A B.C. plumbing and heating company has lost its bid to have a human rights hearing involving its former general manager tossed out without a hearing.
The general manager, TB, was terminated from his position at North Central Plumbing and Heating following a leave of absence due to depression. He alleged that his termination constituted discrimination based on mental disability, a violation of section 13 of the Human Rights Code. The company, owned by DL, contested these claims, asserting just cause for the termination.
Death of his father
TB’s leave began after the death of his father in June 2019. During this period, his role as general manager was filled by another employee, and he was eventually instructed by the employer to go on short-term disability. This turn of events, according to TB, was inconsistent with the company’s treatment of other employees who had taken leave under similar circumstances.
Despite being on short-term disability, TB actively sought to recover and anticipated returning to his role. However, his mental health issues persisted, and his return was continuously postponed. During this time, he was reported to have engaged in activities like camping and working as a projectionist, which were reported to the disability provider by North Central.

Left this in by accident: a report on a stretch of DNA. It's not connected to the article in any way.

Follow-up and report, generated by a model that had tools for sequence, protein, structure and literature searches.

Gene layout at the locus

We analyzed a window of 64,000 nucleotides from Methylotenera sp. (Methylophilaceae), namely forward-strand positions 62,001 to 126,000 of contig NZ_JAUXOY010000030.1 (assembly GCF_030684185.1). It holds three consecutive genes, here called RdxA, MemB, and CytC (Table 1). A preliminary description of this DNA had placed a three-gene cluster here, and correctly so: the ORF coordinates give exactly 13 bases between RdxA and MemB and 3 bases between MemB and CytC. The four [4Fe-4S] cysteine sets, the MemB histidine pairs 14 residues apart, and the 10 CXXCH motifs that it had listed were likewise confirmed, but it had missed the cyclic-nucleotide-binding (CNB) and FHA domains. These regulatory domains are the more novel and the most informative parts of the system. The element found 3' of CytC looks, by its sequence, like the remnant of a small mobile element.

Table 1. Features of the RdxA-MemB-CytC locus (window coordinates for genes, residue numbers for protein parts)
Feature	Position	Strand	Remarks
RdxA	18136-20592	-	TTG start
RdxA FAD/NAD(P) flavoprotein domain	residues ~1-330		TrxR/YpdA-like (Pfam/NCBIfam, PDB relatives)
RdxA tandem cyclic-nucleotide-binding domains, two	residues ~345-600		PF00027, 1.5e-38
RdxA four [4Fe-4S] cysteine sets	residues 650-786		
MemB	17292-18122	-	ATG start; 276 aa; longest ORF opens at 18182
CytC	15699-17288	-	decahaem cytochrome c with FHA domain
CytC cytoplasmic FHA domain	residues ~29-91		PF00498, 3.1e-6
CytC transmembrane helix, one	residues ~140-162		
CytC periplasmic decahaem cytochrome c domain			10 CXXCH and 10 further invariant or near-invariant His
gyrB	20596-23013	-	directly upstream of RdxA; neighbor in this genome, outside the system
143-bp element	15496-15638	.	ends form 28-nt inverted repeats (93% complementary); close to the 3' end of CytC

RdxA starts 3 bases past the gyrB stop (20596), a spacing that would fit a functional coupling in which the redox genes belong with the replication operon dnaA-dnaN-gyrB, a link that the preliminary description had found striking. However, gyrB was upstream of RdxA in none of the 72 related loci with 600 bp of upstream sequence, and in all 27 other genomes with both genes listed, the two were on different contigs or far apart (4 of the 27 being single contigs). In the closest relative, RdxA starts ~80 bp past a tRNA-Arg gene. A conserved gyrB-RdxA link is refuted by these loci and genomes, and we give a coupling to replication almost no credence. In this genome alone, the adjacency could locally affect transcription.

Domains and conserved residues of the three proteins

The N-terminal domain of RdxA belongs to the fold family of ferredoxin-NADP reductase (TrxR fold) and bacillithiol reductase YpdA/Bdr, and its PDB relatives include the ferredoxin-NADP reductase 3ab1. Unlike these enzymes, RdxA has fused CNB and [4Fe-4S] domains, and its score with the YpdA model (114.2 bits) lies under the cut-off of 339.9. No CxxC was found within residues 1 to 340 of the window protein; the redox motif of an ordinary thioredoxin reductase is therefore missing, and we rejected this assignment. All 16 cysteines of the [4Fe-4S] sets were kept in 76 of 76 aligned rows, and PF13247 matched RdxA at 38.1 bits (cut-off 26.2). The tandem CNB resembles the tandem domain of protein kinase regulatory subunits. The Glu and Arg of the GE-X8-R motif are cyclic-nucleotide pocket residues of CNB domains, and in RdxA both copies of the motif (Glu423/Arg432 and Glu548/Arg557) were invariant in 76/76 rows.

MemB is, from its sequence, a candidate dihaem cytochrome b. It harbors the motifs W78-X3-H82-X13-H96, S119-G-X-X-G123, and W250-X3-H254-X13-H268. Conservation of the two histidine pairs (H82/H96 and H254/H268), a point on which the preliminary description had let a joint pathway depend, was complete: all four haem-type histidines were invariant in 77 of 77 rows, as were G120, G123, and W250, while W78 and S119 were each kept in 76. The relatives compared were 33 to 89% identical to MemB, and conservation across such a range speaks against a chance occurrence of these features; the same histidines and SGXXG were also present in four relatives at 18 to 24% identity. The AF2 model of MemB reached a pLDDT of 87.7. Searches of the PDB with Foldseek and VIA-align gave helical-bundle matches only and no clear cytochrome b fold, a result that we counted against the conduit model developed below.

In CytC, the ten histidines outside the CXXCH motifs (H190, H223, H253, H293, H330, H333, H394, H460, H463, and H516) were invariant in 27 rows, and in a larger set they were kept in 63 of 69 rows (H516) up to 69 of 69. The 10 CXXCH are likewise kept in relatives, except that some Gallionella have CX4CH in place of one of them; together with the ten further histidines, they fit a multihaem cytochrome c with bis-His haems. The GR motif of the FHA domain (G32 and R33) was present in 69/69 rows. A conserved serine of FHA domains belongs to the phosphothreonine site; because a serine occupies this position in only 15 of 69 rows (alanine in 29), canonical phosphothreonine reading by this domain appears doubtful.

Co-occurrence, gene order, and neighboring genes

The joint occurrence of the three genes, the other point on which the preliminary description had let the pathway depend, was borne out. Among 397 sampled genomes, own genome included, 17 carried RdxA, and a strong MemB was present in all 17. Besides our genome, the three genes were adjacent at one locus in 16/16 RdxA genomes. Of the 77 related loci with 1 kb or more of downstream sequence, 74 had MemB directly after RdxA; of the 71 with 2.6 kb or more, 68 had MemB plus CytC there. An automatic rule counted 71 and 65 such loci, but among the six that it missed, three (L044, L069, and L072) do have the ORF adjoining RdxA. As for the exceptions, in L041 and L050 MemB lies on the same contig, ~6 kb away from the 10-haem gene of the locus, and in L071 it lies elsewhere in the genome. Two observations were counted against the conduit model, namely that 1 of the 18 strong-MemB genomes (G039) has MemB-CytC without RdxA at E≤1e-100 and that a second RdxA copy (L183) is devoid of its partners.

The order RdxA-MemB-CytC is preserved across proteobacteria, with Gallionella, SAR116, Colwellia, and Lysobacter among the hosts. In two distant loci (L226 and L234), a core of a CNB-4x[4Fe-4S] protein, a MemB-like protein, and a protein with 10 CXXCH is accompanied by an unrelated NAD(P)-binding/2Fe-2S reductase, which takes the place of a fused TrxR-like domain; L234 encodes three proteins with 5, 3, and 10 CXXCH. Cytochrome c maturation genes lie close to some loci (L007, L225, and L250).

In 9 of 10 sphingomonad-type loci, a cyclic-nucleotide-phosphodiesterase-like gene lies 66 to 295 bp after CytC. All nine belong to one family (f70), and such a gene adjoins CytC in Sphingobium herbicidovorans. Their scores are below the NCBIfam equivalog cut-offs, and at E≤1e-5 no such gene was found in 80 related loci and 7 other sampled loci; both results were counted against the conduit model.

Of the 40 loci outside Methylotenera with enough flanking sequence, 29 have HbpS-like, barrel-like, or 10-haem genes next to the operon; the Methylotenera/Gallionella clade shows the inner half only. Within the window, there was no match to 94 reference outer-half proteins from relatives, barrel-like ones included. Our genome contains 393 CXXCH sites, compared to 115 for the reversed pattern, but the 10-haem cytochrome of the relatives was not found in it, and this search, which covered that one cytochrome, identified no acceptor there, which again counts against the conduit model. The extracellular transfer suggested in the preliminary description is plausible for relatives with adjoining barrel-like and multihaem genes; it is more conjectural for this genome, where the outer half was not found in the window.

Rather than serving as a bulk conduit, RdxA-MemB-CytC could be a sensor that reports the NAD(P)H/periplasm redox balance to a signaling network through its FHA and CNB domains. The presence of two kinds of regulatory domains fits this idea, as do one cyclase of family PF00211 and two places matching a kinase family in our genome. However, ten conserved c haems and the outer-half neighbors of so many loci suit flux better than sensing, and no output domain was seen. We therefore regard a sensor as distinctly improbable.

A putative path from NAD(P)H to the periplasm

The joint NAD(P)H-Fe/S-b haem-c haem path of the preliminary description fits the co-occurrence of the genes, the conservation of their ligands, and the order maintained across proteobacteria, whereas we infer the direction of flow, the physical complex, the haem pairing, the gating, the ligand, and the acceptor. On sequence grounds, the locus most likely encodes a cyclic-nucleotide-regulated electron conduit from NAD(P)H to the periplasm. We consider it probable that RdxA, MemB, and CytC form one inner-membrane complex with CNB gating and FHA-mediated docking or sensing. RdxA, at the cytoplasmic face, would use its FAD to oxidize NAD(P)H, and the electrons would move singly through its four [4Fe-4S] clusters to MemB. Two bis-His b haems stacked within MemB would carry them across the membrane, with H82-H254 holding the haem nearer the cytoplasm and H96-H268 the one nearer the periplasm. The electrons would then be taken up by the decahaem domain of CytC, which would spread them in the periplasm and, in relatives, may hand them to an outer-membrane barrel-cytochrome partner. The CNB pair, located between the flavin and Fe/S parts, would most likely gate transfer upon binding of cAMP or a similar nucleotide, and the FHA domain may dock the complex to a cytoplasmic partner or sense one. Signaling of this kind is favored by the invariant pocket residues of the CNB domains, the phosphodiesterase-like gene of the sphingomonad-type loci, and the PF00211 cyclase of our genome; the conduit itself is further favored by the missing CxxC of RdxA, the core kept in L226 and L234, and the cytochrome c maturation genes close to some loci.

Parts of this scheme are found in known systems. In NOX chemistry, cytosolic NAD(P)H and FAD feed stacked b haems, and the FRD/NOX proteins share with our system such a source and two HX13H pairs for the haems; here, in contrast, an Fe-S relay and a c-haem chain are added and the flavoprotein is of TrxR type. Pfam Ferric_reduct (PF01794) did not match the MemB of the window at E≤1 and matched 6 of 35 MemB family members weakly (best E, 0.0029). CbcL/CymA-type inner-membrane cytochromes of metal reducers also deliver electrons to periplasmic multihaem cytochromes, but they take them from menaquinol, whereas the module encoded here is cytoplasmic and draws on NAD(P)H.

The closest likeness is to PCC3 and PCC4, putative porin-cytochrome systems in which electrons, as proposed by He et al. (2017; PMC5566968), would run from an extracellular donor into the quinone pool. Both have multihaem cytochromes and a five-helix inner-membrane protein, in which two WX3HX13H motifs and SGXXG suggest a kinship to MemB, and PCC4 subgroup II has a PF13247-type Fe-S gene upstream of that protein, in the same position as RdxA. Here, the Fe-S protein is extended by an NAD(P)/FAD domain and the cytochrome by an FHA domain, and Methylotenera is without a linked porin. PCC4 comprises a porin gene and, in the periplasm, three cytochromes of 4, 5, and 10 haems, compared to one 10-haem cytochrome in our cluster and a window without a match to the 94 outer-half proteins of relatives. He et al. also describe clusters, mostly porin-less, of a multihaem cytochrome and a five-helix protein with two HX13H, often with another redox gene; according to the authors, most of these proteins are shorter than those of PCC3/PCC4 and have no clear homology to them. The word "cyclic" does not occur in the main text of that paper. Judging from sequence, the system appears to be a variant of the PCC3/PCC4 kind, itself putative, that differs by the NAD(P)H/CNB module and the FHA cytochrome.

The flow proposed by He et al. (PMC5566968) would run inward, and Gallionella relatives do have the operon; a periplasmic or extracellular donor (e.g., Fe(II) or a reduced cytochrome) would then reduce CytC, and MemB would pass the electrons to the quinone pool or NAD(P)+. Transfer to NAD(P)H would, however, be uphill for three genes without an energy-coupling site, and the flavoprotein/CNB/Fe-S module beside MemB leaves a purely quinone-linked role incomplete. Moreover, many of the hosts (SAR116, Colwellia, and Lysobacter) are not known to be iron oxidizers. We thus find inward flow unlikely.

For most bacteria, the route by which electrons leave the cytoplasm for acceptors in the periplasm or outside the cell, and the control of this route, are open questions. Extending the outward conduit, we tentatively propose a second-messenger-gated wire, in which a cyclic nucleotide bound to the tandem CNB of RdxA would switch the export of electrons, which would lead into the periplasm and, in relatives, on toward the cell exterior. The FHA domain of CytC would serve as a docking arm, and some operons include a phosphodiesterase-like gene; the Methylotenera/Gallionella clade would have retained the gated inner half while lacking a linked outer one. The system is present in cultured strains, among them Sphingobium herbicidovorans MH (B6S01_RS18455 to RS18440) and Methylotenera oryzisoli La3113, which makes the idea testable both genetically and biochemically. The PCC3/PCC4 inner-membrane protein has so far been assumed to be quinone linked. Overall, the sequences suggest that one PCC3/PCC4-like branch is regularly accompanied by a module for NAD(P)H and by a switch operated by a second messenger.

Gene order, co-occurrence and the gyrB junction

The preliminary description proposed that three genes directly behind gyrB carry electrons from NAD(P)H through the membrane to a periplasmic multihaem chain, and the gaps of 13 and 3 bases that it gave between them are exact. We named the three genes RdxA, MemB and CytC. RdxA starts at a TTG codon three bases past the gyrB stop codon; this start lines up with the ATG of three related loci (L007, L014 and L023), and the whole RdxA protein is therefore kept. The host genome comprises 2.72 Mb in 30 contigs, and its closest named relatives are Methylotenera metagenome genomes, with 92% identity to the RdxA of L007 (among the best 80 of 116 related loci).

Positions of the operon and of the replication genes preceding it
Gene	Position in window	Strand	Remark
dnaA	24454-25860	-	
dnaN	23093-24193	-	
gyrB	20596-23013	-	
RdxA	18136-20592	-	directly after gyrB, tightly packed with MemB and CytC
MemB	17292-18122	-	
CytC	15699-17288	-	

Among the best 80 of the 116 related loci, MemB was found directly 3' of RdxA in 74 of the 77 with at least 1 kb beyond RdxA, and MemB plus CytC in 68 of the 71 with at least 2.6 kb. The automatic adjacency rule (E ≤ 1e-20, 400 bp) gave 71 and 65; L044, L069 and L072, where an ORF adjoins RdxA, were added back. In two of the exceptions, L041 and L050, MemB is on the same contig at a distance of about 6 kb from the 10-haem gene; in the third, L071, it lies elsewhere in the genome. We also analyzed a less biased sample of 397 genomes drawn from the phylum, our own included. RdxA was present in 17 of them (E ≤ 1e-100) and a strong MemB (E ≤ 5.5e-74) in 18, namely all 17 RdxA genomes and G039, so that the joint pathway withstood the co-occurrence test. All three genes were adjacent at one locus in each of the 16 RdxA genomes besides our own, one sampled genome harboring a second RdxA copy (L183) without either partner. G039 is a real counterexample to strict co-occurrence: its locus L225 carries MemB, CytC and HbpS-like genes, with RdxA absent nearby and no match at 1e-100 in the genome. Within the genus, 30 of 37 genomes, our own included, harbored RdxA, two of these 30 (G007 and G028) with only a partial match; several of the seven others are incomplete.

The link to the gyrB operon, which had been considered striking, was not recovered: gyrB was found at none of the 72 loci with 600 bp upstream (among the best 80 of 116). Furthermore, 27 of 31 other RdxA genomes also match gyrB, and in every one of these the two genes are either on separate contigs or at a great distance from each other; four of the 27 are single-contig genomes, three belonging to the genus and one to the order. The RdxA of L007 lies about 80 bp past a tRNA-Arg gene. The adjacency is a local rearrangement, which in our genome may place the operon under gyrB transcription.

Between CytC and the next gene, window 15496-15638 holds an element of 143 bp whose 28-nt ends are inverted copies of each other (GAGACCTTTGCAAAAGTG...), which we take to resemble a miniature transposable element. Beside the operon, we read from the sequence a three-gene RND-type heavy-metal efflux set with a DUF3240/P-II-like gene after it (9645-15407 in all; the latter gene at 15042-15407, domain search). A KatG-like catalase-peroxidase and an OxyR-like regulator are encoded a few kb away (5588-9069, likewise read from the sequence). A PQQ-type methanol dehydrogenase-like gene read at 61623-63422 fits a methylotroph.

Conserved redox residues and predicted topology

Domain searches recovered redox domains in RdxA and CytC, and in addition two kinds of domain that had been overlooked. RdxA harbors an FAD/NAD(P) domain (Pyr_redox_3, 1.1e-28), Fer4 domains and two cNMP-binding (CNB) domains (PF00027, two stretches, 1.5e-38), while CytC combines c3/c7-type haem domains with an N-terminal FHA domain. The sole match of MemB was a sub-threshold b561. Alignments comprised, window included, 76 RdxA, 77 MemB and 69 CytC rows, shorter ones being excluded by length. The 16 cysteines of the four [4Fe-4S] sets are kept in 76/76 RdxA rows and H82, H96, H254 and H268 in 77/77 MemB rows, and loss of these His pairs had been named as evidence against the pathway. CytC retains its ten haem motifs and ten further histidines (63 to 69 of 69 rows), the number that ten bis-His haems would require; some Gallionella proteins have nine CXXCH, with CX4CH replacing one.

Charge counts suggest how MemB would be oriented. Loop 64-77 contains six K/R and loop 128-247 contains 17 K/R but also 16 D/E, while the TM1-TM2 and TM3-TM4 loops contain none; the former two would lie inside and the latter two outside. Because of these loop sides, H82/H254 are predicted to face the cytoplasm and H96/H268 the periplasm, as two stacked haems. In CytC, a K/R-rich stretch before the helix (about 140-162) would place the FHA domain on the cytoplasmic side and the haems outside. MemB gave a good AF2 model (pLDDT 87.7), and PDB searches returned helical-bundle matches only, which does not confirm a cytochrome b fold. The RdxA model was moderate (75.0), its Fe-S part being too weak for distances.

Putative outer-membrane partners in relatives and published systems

Termination of STD
Upon the termination of his short-term disability benefits on Oct. 2, 2019,, discussions about TB’s return to work ensued. He was offered a salesperson position instead of his original role, a suggestion he claims was due to the perceived stress of the general manager position. The company, however, denies this, stating the offer was an “accommodation” to facilitate his return.
TB did not return to North Central in any capacity. From his perspective, North Central had laid him off. On Oct. 7, 2019, he requested severance and his record of employment (ROE).
He later started working with a competitor, which was brought up by North Central in its defense. The company also raised allegations of sexual harassment and policy violations against TB after his leave, which he denied.
The Tribunal, in its ruling, focused on the timing of TB’s termination, noting, “The employment relationship ended directly after (TB) went on leave because he was unable to work due to mental health issues.”
Only needs to be ‘one’ factor in dismissal
This timing, according to the Tribunal, allows for an inference that his mental disability was a factor in the termination. The Tribunal further stated, “It is possible… that an employer could have just cause to terminate a person’s employment but still discriminate against them if the decision was at all connected to a protected characteristic – here, (his) mental disability.”
It noted that TB only needs to establish that his mental disability was “one” factor that led to his termination, “not that it was the only or overriding cause.”
As a result, the Tribunal denied the company’s application to dismiss the complaint, paving the way for a full hearing on the matter.
For more information, see Bruintjes v. North Central Plumbing & Heating Ltd. and another, 2023 BCHRT 162 (CanLII)